How To Shield A Guitar
A few weeks ago, I completed an article about fixing my Ernie Ball/Music Man’s warped pickguard. While I had all of the electronics and pickguard off of the guitar, I noticed that the only shielding on the control cavity was a small strip of aluminum tape on the pickguard where the controls were.
Now, the normal pickups in this guitar are humbuckers: a Custom Custom and Alnico II Pro. Being humbuckers, the pickups themselves don’t hum. But get them near light dimmers, fluorescent or neon lights, and dubious club wiring, and all sorts of buzzing happens.
So, we’ll get this straight now: Shielding will never get rid of that 60-cycle hum that is present with single coils. Single coils have their own unique, beautiful sound, and part of that admission to Tone Angeles is that hum. What shielding will do is prevent the wiring inside your guitar from acting like antennae and picking up stray signals floating around. If you want to get rid of hum in single coil guitars, you might have to switch to stacked single-coil sized humbuckers.
The idea of shielding is to enclose the electronics in sort of a ‘cage’, which rejects stray radio frequency interference. You can do this a few ways: copper or aluminum tape, or graphite shielding paint. Shielding paint looks better, but it is expensive. It isn’t a good investment unless you have more than a handful of guitars to shield, and it isn’t something you can just pick up at the local hardware store either.
The copper or aluminum tape was a better idea for me, since it was cheap (I am a musician, remember), and while you can even use heavy duty aluminum foil and glue, I opted to order some 3M copper tape with adhesive that is conductive, off of Ebay. This is important because the puzzle pieces of tape you cut will have to overlap- if the adhesive wasn’t conductive, I would have to solder every piece of tape to each other. By the way, while aluminum is actually better at rejecting RF signals, can’t easily be soldered. Since I had never shielded a guitar, I didn’t know what I was in for, so I went with copper.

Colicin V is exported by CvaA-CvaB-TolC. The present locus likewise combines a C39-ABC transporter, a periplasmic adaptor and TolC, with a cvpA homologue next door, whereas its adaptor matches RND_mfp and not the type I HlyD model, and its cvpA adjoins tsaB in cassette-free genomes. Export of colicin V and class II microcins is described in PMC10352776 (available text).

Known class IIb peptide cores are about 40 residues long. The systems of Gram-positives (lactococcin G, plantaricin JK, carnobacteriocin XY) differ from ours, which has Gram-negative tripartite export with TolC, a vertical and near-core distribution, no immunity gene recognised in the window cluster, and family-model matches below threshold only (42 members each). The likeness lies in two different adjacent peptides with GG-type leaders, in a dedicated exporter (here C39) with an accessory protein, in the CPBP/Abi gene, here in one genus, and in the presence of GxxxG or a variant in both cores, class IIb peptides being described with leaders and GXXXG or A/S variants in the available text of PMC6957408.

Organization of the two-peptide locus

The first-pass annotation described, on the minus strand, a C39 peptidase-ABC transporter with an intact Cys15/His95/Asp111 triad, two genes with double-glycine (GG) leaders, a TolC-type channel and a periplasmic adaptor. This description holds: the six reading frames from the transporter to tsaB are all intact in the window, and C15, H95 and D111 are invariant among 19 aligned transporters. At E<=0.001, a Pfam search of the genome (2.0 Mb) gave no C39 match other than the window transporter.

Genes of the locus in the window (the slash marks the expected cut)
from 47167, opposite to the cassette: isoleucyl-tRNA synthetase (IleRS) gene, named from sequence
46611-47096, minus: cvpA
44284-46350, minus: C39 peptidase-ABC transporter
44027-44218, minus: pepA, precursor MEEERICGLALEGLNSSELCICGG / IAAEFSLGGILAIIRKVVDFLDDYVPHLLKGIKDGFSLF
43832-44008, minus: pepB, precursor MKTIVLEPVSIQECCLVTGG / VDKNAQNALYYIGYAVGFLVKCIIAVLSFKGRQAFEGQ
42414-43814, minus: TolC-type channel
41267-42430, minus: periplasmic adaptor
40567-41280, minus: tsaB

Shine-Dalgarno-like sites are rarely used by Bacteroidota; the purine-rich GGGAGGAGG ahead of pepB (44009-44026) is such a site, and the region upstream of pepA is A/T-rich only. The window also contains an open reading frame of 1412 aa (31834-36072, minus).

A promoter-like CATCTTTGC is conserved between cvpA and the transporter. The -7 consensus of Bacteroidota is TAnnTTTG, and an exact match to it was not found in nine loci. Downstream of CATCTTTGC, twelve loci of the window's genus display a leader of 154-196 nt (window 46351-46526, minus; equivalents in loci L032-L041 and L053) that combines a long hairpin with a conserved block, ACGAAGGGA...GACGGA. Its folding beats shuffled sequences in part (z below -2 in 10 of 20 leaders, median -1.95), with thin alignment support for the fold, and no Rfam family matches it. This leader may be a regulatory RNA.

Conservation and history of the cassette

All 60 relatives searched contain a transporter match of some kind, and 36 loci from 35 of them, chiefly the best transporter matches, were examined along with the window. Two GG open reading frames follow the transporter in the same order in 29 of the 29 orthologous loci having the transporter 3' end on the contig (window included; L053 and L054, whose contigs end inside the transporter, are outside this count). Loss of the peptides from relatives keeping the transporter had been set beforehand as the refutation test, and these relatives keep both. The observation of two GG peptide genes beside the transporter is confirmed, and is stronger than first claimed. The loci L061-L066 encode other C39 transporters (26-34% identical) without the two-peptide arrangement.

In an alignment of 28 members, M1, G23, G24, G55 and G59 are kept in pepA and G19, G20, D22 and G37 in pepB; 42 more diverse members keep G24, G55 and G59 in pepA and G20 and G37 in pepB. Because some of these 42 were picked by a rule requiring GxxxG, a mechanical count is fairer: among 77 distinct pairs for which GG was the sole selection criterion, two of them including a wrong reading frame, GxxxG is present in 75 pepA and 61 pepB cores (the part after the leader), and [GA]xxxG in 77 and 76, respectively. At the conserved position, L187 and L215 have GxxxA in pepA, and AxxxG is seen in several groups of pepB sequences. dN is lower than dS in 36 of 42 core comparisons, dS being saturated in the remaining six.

Packing tape, isopropyl alcohol, a small cloth, compressed air, razor knife, copper tape, scissors, multimeter
- I cleaned the cavity. There was lint, wood, and who-knows-what-else in there. I used packing tape to pick up the tiny bits. I made sure I jammed the packing tape in every little crevice, since there were lil bits ‘o stuff everywhere. Then I used some compressed air to blow out the stuff I couldn’t get. I then put some alcohol on the cloth to ‘de-grease’ and further clean the painted surface.
- I cleaned the back of the pickguard with tape and then alcohol too, since the copper had to form a cage around the electronics.
- My tape was 2” wide, so I covered the back of the pickguard. Over the pickup cavities, I used a razor knife to cut out the pickup holes, making sure no copper could be seen from the front.
- I then started cutting out shapes for the cavity. I started this with the razor knife, then soon went to scissors. Scissors were better for the strips and triangles I had to cut to make it all fit. I overlapped all of the pieces, leaving no paint showing underneath. This looks much better a few steps away than it does close up. There are a lot of little pieces!
- I made sure I had a few pieces of tape angle over the top so it could contact the tape on the pickguard.
- I used a multimeter on set to beep on continuity. I wanted to make sure pretty much every piece of copper was electrically connected to each other, and to the ground of the electronics.
In the end I didn’t have to solder anything. I will say, I did notice a few paper cut-type slices on my fingers. I didn’t realize the edges of the tape were so sharp. Maybe thimbles next time? Also, the tape is sticky, so when I stuck it down, that was where it was going to stay. You can get it back up, but it will pull up any tape it is connected to.
This all took me about an hour from start to finish, not including putting the electronics back on the pickguard, restringing, and testing. However, in the end, I did take my guitar to a place where there are rows of fluorescent lights, where the buzzing was really bad – the local music store! Usually my guitar buzzes like crazy there, but it was silent. Unless I plucked a string, I couldn’t even tell if the guitar was plugged in. Success! For my first time shielding a guitar, I think I did a pretty good job. And I have enough tape to do maybe two more.
So, it turns out, shielding, like wiring and restringing, is something guitarists should learn to do on their own. It’s a fun and inexpensive project that will have you guitar as quiet as a scream in space.